The Blue Grass Community Foundation will hold an information session on the new Web site at 9 a.m. Jan. 12. For information, e-mail or call the foundation at (859) 225-3343.

There also will be an online seminar from 2 to 3 p.m. Jan 27. To register, go to

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Editor's comment: What a novel idea. You suppose we can get our state and federal governments to be so transparent? I guess we can keep insisting on it, and hopefully someone will hear us and do something about it!


Please Do Not Laugh At This Headline: Senate Passes Food Safety Oversight Bill, Beef Or Eggs Not Included.

Food safety bill: Spinach gets new oversight, but not beef
By Les Blumenthal

WASHINGTON — Months after her 2-year-old son died from eating a fast-food hamburger tainted with E. coli in January 1993, Diana Nole of Gig Harbor, Wash., went to Capitol Hill and asked Congress to overhaul the nation's food-safety laws.

Now Congress could be on the verge of passing a sweeping measure that Nole and others say is a "step forward" but falls short of what's truly needed.

The Senate Tuesday passed a bill designed to give the Food and Drug Administration new powers to protect consumers from unsafe food. The measure was approved 73-25, and an effort is under way to reconcile it quickly with a more stringent version approved by the House of Representatives before the lame-duck session of Congress ends. President Barack Obama has indicated he'd sign the bill.

"This legislation means that parents who tell their kids to eat their spinach can be assured it won't make them sick," said Sen. Tom Harkin, D-Iowa, who as the chairman of the Senate Health, Education, Labor and Pensions Committee wrote the bill, referring to a more recent e-coli outbreak traced to spinach.

However, the measure does nothing to sort out the overlapping jurisdictions among the FDA and other federal agencies that regulate food safety. The new bill doesn't cover meat, poultry and eggs because the Department of Agriculture regulates them.

The Senate bill would give the FDA new powers to recall tainted food, increase inspections of food processors and impose tougher food-safety standards on producers.

The action came after contaminated eggs, peanuts and produce sickened hundreds of people this year, and more than 550 million eggs suspected of salmonella contamination were recalled.

But the measure requires the FDA to inspect what it defines as "high risk" producers only once every three years. The bill also exempts small farms from the new requirements.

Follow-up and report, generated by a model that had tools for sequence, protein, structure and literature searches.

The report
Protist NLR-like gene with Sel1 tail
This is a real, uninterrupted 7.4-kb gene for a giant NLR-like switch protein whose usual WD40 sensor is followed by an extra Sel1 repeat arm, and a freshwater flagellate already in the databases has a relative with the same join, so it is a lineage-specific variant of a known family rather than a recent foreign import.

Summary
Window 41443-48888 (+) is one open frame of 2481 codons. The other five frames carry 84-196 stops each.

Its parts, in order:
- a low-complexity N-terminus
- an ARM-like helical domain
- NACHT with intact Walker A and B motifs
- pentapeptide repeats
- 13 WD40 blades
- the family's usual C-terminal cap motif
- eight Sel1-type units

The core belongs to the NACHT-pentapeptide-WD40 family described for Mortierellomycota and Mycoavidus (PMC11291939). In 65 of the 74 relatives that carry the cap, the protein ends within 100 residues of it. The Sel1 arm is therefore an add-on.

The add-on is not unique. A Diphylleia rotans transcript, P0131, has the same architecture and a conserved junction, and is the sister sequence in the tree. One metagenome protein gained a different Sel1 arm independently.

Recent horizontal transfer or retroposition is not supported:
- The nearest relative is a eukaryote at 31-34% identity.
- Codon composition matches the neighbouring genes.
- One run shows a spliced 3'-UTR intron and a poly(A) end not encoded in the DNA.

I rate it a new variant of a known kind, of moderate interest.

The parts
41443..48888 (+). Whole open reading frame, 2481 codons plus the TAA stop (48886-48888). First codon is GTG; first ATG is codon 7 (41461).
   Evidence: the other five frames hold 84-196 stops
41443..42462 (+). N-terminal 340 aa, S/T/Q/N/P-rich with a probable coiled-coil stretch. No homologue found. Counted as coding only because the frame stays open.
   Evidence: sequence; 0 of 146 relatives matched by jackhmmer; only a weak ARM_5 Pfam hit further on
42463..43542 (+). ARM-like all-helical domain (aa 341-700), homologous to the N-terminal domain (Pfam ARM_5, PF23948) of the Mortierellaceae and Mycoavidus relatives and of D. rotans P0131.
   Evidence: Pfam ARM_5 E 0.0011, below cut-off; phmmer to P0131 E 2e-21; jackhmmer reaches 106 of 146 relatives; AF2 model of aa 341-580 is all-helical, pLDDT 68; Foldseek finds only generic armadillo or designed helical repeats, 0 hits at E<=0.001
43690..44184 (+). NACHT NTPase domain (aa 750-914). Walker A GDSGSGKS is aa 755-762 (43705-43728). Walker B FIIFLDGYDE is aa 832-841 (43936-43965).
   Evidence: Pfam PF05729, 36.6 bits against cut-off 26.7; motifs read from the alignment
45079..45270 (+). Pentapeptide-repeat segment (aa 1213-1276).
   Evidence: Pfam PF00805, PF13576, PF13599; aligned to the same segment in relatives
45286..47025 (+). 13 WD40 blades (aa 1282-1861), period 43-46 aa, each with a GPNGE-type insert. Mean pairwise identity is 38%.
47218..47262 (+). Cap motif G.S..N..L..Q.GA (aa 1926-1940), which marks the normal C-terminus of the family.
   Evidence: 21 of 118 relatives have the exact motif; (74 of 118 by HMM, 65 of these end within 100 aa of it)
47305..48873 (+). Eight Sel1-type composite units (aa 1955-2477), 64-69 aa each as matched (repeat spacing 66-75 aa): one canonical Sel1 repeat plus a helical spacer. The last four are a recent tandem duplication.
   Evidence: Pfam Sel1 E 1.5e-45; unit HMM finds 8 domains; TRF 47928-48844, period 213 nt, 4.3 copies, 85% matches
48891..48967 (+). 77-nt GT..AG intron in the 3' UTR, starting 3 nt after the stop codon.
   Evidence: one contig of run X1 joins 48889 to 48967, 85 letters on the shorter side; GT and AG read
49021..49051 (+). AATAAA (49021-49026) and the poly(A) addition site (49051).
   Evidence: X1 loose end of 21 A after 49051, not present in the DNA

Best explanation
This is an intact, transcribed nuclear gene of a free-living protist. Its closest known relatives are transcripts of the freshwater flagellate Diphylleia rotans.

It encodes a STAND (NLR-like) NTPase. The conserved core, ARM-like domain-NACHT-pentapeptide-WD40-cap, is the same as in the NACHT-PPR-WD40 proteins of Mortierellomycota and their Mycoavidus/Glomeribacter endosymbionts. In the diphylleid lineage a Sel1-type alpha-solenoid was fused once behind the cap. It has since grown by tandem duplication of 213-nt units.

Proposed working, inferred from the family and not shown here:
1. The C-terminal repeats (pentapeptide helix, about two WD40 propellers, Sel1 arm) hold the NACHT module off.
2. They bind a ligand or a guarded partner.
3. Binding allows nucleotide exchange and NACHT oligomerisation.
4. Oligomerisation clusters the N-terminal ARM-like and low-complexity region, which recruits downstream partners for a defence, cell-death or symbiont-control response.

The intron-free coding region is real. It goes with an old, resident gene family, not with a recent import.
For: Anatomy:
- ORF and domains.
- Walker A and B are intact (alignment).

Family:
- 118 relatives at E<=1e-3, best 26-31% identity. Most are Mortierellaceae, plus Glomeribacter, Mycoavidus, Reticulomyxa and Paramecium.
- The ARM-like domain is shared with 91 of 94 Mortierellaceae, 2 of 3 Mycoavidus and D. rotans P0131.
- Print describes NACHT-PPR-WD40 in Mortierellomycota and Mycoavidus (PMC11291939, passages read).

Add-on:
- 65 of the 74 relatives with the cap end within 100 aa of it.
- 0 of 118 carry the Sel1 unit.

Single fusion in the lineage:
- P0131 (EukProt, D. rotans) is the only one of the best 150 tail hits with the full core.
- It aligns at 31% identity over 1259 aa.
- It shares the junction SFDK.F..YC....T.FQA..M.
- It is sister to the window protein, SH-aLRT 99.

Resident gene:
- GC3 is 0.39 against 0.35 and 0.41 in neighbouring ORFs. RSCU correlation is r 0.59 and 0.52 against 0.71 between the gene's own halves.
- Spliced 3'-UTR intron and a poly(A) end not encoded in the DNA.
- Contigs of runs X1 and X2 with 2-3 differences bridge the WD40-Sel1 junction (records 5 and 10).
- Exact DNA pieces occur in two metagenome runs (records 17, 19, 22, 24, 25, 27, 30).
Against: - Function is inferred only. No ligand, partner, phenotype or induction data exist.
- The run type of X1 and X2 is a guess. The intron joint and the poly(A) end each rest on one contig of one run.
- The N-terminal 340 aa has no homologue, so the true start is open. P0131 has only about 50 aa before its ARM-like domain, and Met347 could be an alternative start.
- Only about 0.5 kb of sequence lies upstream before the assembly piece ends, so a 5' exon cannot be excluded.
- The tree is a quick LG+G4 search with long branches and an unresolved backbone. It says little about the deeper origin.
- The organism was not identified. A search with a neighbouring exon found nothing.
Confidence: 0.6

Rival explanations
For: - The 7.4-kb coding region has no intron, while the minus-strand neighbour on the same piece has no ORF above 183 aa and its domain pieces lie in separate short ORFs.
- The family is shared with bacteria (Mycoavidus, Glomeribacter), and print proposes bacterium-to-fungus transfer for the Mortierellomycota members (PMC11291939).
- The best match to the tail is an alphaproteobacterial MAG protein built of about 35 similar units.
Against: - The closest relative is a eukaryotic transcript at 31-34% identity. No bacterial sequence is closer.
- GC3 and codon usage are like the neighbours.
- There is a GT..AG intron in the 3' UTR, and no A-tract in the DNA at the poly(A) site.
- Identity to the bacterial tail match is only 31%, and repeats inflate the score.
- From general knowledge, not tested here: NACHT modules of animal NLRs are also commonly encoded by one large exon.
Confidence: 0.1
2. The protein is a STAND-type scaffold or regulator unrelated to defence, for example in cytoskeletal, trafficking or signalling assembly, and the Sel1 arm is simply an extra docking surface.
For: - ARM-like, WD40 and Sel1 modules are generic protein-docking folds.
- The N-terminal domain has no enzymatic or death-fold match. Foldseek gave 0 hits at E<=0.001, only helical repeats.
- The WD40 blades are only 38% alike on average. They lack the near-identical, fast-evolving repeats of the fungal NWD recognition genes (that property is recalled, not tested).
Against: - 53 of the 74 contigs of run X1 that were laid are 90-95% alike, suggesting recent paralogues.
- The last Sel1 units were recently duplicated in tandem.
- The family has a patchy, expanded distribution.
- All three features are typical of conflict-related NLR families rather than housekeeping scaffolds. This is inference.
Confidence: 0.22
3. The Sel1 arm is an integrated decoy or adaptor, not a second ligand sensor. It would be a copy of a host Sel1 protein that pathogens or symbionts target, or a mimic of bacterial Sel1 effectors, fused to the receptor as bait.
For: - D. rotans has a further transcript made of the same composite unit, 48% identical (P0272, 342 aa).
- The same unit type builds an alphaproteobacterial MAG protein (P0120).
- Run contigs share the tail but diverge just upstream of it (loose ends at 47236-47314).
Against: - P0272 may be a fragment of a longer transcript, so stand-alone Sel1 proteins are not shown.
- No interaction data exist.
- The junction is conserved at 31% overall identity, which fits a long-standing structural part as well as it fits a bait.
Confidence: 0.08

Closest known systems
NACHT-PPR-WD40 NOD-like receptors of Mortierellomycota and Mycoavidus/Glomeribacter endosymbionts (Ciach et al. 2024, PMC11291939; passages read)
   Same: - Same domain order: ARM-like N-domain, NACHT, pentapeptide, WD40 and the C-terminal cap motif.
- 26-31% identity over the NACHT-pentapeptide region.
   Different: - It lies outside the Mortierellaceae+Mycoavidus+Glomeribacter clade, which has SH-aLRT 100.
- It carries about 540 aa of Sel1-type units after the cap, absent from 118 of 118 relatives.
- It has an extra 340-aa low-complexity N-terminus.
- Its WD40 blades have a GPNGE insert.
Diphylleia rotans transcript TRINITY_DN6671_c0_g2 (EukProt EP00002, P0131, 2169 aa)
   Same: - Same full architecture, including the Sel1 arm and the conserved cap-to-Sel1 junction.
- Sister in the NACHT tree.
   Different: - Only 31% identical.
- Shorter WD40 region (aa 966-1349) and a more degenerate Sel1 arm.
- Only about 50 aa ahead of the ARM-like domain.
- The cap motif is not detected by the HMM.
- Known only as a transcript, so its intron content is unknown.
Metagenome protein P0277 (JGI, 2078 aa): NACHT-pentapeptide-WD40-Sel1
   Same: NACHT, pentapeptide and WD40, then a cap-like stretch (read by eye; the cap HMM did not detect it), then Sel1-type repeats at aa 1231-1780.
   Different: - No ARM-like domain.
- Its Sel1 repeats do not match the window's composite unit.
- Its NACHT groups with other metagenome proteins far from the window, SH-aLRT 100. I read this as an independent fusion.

Even so, backers of the legislation said it represents a major overhaul and were quick to point out that it received bipartisan support. According to estimates from the Centers for Disease Control and Prevention, foodborne illnesses sicken 76 million Americans every year; 325,000 are hospitalized and 5,000 — 14 a day — die.

For Nole, the passage of time has helped ease the pain of her son's death, but it remains.

Michael Nole was the first of three children in Washington state to die after eating contaminated and undercooked meat from Jack in the Box restaurants. More than 600 people were sickened and more than 100 were hospitalized.

"It's easier than it was," his mother said. "Of course I think of him every day. I see him in my other kids."

Nole and her husband often visit their son's grave on his birthday, which is Dec. 9.

The Noles have two other children, boys 17 and 13, and much of their energy is focused on raising them rather than advocating for new food-safety laws. But she still follows the legislation and was reading the Senate bill over lunch Tuesday. "It's a step forward," she said.

Sen. Patty Murray, D-Wash., is also a member of the committee.

"Today marks a bittersweet and long-overdue victory for the families and individuals that were affected by the E. coli outbreak that shook Washington state and the Northwest in 1993," Murray said. "This legislation is the first food-safety legislation to pass in decades and will go a long way to making sure the U.S. continues to have the safest food supply in the world."

Others, including Nole, aren't so sure.

Nole said she was especially bothered that the bill didn't cover meat, poultry and eggs. She also said that all farms, regardless of size or whether they were organic, should be covered.

"I'm glad to see it is still moving forward," she said of the effort to secure tougher food-safety regulations. "But I don't trust the government. It's up to the consumer."

Nole is one of the founders of a food safety group called Safe Tables Our Priority. Nancy Donley, the president of the group, said the Senate bill could have been better but that it nonetheless would improve food safety.